New Fracture-Acid Technique Provides Efficient Stimulation Of Massive Carbonate Sections
- A.R. Hendrickson (Dowell of Canada) | R.C. Cameron (Dowell of Canada)
- Document ID
- Petroleum Society of Canada
- Journal of Canadian Petroleum Technology
- Publication Date
- January 1969
- Document Type
- Journal Paper
- 1 - 5
- 1969. Petroleum Society of Canada
- 4.2.3 Materials and Corrosion, 3.2.3 Hydraulic Fracturing Design, Implementation and Optimisation, 2.1.1 Perforating, 4.1.2 Separation and Treating, 3.2.4 Acidising, 2.5.2 Fracturing Materials (Fluids, Proppant)
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A new stimulation technique has been developed and successfully applied todeep massive carbonate completions in several areas. This same technique shouldprove useful in similar massive carbonate sections in Canada. Basically, thenew technique provides deep fracture penetration into the reservoir withlow-cost fluids and good fracture conductivity by effectively etching thefracture faces with special acid formulations.
It differs from conventional hydraulic fracturing treatment only in thatacid replaces conventional propping agents. The treatment is economical in thatit uses inexpensive frac fluids to create fracture area and penetration andreduce fluid leak-off. Much smaller quantities of acid may then be used to etchthe desired conductivity at the required depth of penetration in the reservoir.If acid alone were used, the volume required would be prohibitivelyexpensive.
The new technique also eliminates many of the hazards of conventionalfracturing and acidizing. As no propping agent is used, there is no danger ofscreen-outs. Corrosion is minimized, because the pad volume of frac fluid coolsthe well equipment prior to the injection of acid. The technique, thus, isparticularly useful in deep, high- temperature reservoirs.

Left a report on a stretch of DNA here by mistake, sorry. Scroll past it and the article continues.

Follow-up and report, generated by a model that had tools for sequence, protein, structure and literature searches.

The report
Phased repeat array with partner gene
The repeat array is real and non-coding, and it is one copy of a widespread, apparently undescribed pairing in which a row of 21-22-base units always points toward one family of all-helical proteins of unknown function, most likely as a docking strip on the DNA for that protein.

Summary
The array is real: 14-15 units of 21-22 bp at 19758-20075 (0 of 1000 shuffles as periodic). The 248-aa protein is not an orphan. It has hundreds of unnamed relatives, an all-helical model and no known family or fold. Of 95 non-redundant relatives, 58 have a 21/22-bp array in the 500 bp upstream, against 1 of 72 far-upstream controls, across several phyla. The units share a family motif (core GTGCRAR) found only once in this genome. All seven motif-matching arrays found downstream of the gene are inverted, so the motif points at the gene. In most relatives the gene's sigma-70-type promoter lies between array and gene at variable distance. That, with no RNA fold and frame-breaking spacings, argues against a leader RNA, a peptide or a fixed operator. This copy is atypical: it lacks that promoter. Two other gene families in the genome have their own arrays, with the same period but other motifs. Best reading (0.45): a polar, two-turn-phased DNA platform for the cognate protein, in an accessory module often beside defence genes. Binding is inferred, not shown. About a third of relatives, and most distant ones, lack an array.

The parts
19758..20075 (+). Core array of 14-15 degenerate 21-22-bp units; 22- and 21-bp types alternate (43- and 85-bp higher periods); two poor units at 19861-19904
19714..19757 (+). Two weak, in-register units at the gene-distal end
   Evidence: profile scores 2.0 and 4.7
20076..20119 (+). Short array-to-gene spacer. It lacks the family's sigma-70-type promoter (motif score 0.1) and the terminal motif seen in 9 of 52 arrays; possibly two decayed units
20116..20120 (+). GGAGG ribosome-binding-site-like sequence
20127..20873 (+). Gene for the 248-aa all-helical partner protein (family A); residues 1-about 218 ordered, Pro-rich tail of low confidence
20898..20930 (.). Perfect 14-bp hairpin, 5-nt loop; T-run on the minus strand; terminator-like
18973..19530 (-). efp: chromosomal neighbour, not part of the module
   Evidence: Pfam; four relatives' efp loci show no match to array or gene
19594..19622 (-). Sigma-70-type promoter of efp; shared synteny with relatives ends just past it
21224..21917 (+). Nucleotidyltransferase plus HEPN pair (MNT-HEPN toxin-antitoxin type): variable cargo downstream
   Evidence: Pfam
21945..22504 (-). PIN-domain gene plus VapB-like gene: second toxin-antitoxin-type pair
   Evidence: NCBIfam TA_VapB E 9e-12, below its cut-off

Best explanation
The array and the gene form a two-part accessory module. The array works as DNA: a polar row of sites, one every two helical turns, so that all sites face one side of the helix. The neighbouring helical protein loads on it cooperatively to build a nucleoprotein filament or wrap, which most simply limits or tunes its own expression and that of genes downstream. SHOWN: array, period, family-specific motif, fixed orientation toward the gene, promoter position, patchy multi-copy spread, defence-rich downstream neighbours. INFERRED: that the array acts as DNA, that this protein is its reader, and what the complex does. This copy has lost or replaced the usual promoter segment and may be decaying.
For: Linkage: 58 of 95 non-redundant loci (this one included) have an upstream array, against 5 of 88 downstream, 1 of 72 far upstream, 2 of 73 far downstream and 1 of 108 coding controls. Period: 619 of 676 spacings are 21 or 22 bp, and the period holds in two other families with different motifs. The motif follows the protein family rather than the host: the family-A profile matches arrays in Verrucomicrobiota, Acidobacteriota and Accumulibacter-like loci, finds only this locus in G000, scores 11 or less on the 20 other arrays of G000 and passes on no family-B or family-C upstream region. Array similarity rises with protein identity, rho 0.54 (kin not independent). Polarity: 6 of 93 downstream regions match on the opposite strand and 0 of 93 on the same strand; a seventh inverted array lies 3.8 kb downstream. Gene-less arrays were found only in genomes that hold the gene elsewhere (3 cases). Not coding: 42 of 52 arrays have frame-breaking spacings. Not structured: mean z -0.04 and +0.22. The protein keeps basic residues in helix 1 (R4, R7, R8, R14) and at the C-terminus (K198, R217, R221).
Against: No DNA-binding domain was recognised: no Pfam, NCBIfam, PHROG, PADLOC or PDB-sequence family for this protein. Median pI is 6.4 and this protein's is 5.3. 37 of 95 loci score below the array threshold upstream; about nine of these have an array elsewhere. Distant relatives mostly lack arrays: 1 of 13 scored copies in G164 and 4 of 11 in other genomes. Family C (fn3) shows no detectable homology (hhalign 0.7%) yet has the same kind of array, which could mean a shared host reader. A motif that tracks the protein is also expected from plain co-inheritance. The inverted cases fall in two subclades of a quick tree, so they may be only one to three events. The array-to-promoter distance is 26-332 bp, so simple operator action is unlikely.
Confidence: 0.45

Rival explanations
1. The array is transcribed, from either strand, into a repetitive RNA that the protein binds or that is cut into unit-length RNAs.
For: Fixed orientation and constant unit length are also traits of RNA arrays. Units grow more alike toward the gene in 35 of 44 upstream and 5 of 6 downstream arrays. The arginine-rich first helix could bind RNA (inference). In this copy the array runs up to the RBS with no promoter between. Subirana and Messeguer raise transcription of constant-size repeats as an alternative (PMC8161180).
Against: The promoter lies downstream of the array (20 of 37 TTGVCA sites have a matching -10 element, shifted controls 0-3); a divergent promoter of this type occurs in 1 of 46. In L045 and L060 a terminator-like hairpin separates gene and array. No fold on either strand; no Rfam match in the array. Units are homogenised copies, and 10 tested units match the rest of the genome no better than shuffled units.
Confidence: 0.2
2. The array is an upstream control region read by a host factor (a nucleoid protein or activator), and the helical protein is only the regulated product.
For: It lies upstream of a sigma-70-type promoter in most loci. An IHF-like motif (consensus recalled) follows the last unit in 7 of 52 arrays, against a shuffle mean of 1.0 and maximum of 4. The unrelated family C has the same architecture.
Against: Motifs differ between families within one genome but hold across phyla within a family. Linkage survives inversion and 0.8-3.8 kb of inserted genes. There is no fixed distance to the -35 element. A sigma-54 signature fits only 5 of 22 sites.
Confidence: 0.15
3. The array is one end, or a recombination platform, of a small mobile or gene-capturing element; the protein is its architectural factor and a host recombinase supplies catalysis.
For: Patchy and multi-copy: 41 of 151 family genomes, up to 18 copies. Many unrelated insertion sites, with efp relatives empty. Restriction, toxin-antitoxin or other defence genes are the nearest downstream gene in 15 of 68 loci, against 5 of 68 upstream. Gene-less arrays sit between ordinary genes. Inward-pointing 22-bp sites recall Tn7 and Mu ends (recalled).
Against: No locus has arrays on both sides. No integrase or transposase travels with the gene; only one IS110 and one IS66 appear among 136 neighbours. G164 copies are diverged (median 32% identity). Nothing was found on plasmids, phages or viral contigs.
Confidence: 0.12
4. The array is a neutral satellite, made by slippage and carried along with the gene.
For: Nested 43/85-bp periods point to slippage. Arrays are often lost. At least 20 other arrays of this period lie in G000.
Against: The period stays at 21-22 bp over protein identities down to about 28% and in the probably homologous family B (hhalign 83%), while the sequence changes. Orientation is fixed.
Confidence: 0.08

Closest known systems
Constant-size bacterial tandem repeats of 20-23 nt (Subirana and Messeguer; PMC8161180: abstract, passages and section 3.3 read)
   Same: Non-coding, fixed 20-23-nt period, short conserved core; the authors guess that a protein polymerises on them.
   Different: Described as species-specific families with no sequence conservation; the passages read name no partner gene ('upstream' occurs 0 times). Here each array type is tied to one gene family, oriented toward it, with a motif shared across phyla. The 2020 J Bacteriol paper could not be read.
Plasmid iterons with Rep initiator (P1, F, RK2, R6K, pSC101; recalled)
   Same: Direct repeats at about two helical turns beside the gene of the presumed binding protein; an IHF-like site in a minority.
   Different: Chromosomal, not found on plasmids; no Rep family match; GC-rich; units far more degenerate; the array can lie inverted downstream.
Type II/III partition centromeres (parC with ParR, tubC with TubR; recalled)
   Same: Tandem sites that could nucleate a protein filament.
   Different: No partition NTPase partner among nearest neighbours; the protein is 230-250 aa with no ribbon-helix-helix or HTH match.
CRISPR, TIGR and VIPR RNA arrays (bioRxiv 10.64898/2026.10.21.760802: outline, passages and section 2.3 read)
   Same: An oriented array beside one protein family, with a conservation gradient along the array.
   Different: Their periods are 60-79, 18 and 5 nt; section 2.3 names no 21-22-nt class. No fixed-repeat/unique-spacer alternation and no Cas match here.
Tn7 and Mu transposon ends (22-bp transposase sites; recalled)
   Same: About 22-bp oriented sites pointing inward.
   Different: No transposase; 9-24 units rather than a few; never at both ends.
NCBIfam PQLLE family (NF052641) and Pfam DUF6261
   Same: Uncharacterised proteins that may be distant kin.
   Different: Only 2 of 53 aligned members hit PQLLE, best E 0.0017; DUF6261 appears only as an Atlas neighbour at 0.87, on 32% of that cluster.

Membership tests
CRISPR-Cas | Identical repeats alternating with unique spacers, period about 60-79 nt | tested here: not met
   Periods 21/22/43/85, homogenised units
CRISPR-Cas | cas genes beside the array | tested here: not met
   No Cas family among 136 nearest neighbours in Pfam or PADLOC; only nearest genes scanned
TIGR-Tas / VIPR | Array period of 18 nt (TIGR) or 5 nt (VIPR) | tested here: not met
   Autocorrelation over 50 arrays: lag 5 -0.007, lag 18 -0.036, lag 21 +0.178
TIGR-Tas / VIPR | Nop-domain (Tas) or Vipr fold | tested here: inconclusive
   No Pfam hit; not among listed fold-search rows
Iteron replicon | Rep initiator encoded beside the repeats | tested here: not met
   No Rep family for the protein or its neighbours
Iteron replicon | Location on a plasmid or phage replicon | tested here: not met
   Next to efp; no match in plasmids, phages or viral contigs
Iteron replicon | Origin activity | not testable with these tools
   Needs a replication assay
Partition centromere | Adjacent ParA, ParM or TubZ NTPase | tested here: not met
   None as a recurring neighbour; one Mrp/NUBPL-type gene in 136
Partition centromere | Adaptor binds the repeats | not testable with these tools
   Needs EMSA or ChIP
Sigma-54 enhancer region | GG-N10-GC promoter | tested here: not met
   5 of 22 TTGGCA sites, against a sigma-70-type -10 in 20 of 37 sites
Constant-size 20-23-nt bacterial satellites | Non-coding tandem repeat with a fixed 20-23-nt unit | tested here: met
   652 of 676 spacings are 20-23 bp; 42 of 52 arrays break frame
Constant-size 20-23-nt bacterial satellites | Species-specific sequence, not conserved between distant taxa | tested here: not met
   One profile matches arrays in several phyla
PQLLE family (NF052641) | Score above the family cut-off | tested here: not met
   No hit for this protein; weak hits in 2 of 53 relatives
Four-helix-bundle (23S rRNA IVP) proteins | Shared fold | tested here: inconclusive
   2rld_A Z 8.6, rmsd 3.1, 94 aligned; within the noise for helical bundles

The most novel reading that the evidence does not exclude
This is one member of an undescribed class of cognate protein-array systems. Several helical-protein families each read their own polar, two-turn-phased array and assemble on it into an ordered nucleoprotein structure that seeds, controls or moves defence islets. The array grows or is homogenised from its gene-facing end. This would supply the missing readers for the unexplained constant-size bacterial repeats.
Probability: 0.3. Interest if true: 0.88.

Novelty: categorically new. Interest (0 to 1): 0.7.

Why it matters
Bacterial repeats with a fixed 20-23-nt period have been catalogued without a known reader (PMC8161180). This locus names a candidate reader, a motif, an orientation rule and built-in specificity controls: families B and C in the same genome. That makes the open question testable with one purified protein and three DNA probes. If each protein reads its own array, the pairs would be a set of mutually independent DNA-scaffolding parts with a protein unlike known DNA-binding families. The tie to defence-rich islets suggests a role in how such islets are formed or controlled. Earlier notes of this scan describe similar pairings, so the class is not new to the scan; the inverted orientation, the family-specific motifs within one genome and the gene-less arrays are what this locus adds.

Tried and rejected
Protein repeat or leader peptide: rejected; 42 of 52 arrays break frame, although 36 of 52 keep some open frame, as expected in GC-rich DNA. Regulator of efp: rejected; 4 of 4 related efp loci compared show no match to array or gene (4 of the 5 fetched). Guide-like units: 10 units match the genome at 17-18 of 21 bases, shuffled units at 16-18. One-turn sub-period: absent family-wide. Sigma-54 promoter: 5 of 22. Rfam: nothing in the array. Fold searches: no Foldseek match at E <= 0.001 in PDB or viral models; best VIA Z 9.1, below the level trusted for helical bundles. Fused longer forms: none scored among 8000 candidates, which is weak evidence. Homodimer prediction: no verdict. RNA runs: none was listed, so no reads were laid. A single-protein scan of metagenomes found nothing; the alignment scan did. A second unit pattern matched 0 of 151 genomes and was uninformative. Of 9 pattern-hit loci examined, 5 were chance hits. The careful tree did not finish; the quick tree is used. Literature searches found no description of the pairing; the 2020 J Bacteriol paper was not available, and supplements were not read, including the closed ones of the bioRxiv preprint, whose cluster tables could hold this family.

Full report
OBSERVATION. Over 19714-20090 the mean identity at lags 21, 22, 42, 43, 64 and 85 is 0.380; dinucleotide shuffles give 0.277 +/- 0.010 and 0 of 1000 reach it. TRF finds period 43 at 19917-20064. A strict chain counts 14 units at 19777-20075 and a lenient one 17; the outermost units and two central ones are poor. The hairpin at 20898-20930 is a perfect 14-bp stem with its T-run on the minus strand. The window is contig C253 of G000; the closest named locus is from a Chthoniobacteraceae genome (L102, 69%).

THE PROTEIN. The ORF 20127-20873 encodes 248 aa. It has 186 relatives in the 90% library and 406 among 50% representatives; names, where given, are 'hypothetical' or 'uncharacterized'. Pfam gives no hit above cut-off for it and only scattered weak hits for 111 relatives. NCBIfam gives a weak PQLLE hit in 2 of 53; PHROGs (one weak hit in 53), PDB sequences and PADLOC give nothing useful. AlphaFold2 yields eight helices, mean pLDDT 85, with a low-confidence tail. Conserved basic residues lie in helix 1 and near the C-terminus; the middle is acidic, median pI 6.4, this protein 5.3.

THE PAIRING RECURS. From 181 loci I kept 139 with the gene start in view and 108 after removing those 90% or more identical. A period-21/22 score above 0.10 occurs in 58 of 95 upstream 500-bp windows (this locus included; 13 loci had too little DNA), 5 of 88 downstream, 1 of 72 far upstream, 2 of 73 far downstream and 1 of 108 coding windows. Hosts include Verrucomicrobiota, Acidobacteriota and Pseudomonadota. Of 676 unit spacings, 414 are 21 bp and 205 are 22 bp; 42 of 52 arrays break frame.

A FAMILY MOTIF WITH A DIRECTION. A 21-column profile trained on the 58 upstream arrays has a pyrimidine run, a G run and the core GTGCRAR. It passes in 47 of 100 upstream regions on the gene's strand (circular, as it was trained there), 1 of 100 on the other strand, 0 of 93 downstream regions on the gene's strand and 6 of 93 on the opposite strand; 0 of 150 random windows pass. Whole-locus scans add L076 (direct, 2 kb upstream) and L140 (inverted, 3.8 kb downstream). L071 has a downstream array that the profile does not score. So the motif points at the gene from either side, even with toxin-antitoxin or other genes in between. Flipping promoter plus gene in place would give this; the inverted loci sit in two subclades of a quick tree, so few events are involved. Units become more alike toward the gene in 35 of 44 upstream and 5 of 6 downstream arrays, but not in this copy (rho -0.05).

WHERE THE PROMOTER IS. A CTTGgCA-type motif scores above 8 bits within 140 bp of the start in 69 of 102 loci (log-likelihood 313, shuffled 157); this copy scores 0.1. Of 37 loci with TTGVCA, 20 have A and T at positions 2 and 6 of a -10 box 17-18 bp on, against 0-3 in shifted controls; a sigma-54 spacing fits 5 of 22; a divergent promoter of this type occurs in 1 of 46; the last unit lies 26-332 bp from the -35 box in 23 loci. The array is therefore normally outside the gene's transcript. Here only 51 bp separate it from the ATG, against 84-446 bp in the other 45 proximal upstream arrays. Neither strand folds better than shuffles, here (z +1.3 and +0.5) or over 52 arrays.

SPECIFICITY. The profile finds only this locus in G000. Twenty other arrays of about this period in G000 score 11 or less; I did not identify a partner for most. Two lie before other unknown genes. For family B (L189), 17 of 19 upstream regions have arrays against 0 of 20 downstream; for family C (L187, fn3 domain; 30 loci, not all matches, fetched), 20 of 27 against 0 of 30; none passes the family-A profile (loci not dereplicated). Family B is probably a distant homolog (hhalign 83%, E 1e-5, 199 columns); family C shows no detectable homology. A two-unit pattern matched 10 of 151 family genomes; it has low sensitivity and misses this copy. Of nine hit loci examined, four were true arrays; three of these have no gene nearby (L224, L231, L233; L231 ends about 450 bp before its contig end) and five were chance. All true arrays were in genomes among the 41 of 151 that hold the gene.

MASSIVE low-porosity, low-permeability carbonate formations such as theEllenburger, Devonian, Hunton, Edwards, Budda and Smackover in the UnitedStates, and the Mississippian in Canada, are known to contain substantial andattractive quantities of hydro-carbons. Many of these accumulations have notresponded sufficiently to conventional stimulation techniques to warrantfurther exploration. Although a two-to three-fold productivity improvement canfrequently mean the difference between a noncommercial and commercial well,conventional acidizing and/or fracturing treatments have not provided suchincreases for sustained periods. A new dual fracturing-acidizing stimulationtechnique is now showing promise of improving productivity from these massiveformations.
Basically the new fracturing technique provides deep reservoir penetrationwith low-cost fluids and good conductivity by effectively etching the fracturefaces with acid. Thus, it utilizes the advantages of both fracturing andacidizing penetration of the reservoir by the hydraulic fluids and developmentof high conductivity by acid. This treating technique also minimizes theprincipal hazards of conventional fracturing and acidizing-screen-outs andcorrosion. The combination also provides a more effective and economicalapproach to stimulation with acid-based fracturing fluids.
Massive carbonates are often characterized by their extreme thickness anddepth, with accompanying high pressure and temperature. They often have extremelow permeability, and porosity. The permeability that is present is often inthe form of a fine interlacing of natural fractures and, in some cases, vugularsystems. Very little, if any, true matrix permeability exists. These primarycharacteristics have led to the difficulty in efficient, and effectivetreatment for stimulation.
The thickness of these formations may range as high as several hundred feet,with depths of up to 25,000 feet. Thus, the low porosity dictates that theentire vertical extent of the formation must produce if ultimate recovery is tobe commercially attractive. Low permeability dictates that desired conductivitymust penetrate deeply into the reservoir to obtain commercial recoveryrates.
THE PAPER WAS PRESENTED: at the 19th Annual Technical Meeting of ThePetroleum Society of CIM, Calgary, May, 1968. Technology, January-March, 1969,Montreal Canada
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